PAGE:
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Electronic Medical Records
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Electronic Medical Records (EMR)

By Carol Power – CoverMD Senior Contributing Writer
Summary
CoverMD.com offers free quotes on medical malpractice insurance in every state. This article discusses the benefits of Electronic Medical Records (EMRs) and how an EMR system can help you save money on your malpractice insurance.

An EMR system can help you save on your medical malpractice insurance
An EMR system can not only streamline your practice, it can also save you money on your malpractice insurance.
In an increasingly wired world the healthcare industry’s adoption of electronic medical records (EMRs) has surprisingly lagged behind the technology-based communication of other industries. An electronic medical record is also commonly referred to as an electronic health record (EHR).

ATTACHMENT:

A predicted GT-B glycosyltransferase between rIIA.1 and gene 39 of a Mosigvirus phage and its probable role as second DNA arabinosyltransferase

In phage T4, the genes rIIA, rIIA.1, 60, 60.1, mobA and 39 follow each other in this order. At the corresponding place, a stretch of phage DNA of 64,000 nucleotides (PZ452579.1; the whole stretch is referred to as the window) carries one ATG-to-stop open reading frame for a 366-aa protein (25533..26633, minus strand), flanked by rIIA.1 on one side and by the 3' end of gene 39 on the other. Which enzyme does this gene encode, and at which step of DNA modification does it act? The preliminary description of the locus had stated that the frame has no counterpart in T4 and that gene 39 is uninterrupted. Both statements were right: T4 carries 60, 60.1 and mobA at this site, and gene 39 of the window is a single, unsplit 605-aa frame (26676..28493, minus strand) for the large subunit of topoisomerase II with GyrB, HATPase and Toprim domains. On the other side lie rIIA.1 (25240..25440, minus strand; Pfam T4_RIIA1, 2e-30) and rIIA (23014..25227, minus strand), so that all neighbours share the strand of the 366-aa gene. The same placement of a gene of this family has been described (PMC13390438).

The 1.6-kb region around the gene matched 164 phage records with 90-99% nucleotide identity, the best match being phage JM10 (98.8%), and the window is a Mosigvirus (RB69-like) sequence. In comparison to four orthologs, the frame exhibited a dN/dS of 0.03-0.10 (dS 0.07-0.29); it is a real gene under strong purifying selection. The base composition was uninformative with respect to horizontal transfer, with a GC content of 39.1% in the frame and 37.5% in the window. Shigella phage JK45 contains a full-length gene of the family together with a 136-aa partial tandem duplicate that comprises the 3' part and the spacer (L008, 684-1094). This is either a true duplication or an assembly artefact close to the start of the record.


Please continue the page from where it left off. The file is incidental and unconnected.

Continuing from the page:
As the name suggests, an EMR is simply a patient’s medical records stored and organized in an electronic format, which can be accessed by networked computers for the purpose of providing medical care. EMRs can contain a full range of medical information, including prescription records, test results, treatment histories, progress reports and X-rays. In addition to storing a patient’s medical history, EMRs facilitate the ordering of medical tests, treatments and medications, while offering real-time data and clinical guidelines as well as allergy and drug interactions warnings.

But recent studies suggest that less than 10 percent of American hospitals and 16 percent of primary care physicians currently employ EMR technologies. Physician reticence to adopt EMRs is likely due to the data-entry time costs required to transfer from paper to digital records and the estimated $44,000-per-physician investment in resources, but case studies show the new systems pay for themselves within three years.

Make no mistake, EMRs are the inevitable next step forward in healthcare, shortening patient wait times and lowering operating costs for physicians through improved efficiency and reduced malpractice risk. In fact, President George W. Bush and his administration established a national goal of assuring the majority of Americans have electronic medical records by the year 2014.